Collapse All Expand All
Grover Cleveland
Grover Cleveland (1885-1889; 1893-1897)

Under the leadership of John Philip Sousa, “The President’s Own” performed for the wedding of President Grover Cleveland to Frances Folsom on June 2, 1886. Cleveland was the only chief executive to be married in the White House and to serve two terms not in consecutive order. President and Mrs. Cleveland particularly enjoyed music by German composer Richard Wagner. While performing Wagner selections during a band concert on the White House lawn, Sousa recalled that “the president stood up and held on to the window as though he were afraid it would get away from him. His pretty young wife sat down facing him, enthralled.” Quote from Cleveland Daily Telegraph, Nov. 10, 1886, as used in Elise K. Kirk’s book Music at the White House.
Image credit: Cleveland Wedding March, 1886, USMB photo
Benjamin Harrison
Benjamin Harrison (1889-1893)

The growing fame of the Marine Band prompted John Philip Sousa to formally request permission of President Benjamin Harrison to take the band on tour. When the president happily agreed, Sousa and the Marine Band embarked on their first national concert tour in April 1891.

In recognition of the Marine Band’s unique role as “The President’s Own,” Marine Band concert tours required White House approval until 1986 when that authority was delegated to the Secretary of Defense and ultimately to the Secretary of the Navy.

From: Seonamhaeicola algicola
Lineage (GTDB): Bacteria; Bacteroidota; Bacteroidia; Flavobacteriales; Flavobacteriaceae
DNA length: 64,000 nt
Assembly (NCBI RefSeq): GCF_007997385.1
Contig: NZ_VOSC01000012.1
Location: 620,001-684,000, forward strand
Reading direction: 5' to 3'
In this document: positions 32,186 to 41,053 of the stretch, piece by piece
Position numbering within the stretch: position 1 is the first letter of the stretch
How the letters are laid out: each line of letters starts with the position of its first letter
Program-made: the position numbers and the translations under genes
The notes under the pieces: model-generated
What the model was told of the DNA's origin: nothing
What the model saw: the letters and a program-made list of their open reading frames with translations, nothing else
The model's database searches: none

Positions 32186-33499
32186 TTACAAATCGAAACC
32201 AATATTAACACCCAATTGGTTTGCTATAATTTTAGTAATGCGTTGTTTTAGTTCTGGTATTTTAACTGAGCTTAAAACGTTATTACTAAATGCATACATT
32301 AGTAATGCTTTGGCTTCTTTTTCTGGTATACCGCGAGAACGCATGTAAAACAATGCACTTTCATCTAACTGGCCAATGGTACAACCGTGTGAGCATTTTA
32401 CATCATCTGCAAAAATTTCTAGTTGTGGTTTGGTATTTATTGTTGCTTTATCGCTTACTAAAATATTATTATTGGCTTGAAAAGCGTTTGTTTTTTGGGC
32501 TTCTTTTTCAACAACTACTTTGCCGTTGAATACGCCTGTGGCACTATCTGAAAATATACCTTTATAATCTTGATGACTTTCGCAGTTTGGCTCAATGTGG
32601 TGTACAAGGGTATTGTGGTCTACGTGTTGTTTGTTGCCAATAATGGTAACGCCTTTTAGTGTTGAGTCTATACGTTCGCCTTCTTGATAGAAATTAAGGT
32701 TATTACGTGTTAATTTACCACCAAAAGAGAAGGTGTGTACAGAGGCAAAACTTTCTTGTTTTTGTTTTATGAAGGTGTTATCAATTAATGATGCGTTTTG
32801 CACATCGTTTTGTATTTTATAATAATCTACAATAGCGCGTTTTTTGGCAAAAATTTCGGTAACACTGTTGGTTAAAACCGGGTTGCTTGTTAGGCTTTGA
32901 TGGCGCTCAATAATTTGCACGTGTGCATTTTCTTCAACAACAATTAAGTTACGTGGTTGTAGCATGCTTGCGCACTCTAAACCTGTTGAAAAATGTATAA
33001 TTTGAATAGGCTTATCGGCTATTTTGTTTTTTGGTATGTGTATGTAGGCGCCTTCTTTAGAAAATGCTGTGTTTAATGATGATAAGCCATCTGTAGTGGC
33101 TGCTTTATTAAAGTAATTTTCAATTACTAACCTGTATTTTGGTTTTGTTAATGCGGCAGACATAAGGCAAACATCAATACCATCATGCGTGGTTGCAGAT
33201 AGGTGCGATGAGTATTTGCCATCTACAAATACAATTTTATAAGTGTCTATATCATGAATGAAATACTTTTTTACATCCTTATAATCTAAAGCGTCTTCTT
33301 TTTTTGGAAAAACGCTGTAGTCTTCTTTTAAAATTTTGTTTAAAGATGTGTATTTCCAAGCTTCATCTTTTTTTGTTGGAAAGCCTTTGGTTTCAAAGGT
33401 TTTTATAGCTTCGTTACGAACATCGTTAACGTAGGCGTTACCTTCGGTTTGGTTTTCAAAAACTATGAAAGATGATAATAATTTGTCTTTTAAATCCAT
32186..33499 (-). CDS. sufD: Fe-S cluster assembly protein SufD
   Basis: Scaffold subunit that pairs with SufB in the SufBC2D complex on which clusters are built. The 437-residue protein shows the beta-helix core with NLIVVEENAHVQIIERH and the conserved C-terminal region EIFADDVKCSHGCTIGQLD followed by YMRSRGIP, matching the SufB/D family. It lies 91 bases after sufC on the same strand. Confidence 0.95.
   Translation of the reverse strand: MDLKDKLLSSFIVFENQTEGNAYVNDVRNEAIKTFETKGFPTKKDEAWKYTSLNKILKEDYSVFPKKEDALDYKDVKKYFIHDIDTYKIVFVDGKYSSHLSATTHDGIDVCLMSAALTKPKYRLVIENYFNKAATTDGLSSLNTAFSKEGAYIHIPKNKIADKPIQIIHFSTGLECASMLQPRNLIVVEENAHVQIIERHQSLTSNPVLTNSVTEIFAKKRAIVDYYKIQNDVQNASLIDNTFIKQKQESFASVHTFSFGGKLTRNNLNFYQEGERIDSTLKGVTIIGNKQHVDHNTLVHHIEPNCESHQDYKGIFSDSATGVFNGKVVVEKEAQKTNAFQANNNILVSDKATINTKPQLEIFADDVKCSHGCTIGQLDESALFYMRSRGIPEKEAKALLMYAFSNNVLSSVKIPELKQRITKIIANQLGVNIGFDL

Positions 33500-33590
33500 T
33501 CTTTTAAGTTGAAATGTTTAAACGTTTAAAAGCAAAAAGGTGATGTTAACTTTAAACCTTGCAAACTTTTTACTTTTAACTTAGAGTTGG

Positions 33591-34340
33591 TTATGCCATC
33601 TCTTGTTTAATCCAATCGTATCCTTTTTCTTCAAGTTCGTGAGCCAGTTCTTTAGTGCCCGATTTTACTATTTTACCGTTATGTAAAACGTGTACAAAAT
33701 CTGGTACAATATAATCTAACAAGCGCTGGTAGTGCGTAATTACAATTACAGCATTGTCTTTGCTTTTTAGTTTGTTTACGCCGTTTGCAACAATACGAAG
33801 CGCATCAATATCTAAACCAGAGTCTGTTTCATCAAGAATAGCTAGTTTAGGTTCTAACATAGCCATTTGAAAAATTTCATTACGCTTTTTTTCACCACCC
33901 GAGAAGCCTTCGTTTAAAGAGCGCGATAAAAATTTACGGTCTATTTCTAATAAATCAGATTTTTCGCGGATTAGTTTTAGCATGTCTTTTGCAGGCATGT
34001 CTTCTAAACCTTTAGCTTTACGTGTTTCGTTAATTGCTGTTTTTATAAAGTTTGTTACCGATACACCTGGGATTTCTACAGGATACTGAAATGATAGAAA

Marine Band tours now take place annually in October, when the band frequently performs to capacity crowds throughout the 48 contiguous states.

Image credit: John Philip Sousa at the White House, July 29, 1892, USMB archives
William McKinley

William McKinley (1897-1901)

In 1899, the Marine Band underwent its most comprehensive reorganization. President William McKinley signed an Act of Congress on March 3 that authorized a leader and a second leader, 30 first-class musicians, and 30 second-class musicians. This act nearly doubled the size of the band and increased their pay. Because of this Act, the band began to attract some of the finest musicians in the country.

Image credit: Marine Band musicians and Captain William H. Santelmann (10th person from the right on the balcony) pose for a photo at Marine Barracks Washington, 8th & I Streets, SE, April 1899, USMB photo



The Marine Band marches down Pennsylvania Avenue in Washington during President McKinley’s funeral procession in September 1901, USMB photo.